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Tapping into Your Potential

By ELENE Oneil Subscribe to RSS | June 29th 2012 | Views:



by Frederick C. Hatfield, Ph.D., World Champ

few years ago, some devilishly clever fellow invented a device that allowed the user to apply maximum force towards a bar throughout a full range of motion. He called his brand new device an "isokinetic" device. The invention was gobbled up by the device industry moguls and heralded because the greatest innovation in weight training that the world had ever seen.

Tons of research followed, attesting to the amazing advantages of isokine­tics over the now all-but-dead concept of isometrics, and even over the old standby techniques of isotonics_ However, a lot of the research was done along with primary and interested interests at stake. The re­searchers often had to prove the efficacy associated with isokinetics or not get paid. (A lot loot was on the line?)

Nevertheless, some of the claims set forth by these types of investigators are indeed very true_ Many too are not. It is now well-known that isokinetics are a tre­mendous adjunctive exercise modality,

"The add-on of

isokinetic training

seems to be the key to

these types of tremendous

increases in power."

although not an efficient solitary one. It is my belief additionally that the vast majority of the early scientists interested in isokine­tics missed what may well he the point of greatest significance. It seems that the most valuable effect of isokinetic train­ing, by itself, might reside in the central nervous system rather than in the muscle vis-a-vis growth in size or even strength.

My own investigations into isokinetic effects indicate that maximum power gains (as measured on slow-speed iso­kinetic movement) do not increase nearly as significantly as do the gains in power output (because measured by high­speed isokinetic movement). This was over a good eight-week period of training bro-h ; solcinetically in addition to with con­ventional weight training techniques typ­ically used in a peaking program.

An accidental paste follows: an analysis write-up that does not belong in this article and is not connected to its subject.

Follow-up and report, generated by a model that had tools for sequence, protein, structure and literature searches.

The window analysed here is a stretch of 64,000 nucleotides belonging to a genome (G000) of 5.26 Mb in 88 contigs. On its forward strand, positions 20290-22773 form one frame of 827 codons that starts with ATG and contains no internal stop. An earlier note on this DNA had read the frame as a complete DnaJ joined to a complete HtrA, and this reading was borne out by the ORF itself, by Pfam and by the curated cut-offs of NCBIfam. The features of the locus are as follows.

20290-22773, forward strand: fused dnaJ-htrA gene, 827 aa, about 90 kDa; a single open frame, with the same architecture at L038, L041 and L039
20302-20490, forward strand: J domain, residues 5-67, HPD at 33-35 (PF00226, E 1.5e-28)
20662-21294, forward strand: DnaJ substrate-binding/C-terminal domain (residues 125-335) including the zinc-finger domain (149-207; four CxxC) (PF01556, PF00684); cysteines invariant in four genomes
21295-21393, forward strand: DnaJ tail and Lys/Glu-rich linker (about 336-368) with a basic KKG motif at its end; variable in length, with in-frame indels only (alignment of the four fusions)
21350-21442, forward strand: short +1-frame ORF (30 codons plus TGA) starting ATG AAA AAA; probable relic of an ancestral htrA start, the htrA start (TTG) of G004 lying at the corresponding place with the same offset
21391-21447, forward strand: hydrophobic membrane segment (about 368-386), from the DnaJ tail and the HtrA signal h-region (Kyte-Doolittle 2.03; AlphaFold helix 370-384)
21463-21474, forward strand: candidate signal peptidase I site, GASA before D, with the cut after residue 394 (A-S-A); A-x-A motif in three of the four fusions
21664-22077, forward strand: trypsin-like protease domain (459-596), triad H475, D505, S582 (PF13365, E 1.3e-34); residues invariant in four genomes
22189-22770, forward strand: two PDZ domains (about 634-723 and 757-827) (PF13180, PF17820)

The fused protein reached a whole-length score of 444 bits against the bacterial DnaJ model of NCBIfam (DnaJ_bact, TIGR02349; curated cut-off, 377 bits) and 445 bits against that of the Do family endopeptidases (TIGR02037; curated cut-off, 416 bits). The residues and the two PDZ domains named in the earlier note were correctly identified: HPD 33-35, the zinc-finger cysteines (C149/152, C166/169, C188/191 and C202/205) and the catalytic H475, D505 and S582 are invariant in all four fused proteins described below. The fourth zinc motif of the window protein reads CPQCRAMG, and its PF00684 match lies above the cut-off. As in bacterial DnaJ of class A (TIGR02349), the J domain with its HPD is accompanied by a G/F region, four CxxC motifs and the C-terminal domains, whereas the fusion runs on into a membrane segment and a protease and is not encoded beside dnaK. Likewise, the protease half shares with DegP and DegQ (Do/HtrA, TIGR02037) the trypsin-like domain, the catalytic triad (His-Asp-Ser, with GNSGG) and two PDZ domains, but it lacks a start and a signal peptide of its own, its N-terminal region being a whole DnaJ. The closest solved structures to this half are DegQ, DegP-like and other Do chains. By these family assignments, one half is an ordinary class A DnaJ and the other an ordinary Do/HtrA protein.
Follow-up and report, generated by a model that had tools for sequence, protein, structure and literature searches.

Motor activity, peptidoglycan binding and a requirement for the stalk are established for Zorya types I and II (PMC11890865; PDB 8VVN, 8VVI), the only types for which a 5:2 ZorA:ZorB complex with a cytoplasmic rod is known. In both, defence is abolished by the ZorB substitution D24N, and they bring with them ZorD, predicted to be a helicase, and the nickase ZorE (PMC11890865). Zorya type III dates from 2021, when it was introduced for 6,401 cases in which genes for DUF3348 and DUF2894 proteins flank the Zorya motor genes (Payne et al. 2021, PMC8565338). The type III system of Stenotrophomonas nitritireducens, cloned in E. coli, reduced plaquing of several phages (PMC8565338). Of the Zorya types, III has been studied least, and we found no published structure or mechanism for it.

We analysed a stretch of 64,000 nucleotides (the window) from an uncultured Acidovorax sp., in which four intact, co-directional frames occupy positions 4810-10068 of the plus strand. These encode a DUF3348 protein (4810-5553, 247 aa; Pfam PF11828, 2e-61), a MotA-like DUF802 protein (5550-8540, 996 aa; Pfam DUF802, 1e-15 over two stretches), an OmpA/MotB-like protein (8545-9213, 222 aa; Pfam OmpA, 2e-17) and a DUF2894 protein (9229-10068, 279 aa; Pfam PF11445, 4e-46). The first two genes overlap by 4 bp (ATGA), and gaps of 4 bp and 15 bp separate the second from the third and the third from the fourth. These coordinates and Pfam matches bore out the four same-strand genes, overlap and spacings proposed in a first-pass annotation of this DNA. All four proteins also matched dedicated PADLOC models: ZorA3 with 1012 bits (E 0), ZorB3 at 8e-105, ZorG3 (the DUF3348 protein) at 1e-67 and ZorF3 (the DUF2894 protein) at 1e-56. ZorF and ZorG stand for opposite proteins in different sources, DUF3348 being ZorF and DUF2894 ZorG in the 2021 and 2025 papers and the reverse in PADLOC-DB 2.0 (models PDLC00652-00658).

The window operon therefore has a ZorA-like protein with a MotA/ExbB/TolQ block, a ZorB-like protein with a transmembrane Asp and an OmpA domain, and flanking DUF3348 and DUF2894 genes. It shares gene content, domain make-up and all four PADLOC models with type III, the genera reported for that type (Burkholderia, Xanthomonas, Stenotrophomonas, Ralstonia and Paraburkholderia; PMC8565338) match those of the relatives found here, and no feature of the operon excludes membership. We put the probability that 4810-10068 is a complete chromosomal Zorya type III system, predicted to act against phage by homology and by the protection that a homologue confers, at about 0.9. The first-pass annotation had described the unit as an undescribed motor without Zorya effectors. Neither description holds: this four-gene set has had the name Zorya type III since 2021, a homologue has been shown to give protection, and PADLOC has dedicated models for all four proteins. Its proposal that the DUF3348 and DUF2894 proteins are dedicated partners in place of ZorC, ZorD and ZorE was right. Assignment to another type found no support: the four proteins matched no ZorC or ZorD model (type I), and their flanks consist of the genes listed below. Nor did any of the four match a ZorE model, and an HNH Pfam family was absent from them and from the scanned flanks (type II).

The slowest speed setting on the iso­kinetic machine enables movement at ap­proximately the speed of one foot per second-plenty of time to elicit maxi­

mum motor unit recruitment during the movement. However, when the pace setting is gone to live in two feet for each second, there appears to end up being insufficient time to obtain such total hiring, and the total pressure that's applied is really a lot di­minished with the increased speed (or, decreased recruitment time).

By gradually increasing the speed of movement over an eight-week time period, I found that while strength increased only somewhat, the increases within one's ability to obtain maximum recruitment were dra­matic. By the end of an eight-week pe­riod of peaking, the typical lifter was able to exert just as much force in the fastest speed setting as he was able to exert initially on the slow speed setting!

This particular, friends, is very much the definition of POWER! Power, in athletes' terms, may be the ability to get as many motor units (or even muscle cells) innervated in order to contract as possible inside a sudden burst of motion.

The strength increases noticed over the eight-week time period are not unusual, as well as normal peaking procedures generally account for such power increases. But, never have I noticed this kind of marked in­creases in power through the use of conventional weight training methods in so short a period of time! The addition of isokinetic training seems to be the key to these tremendous raises in power.

Scott McFarland trains to totally activate his strength in competition.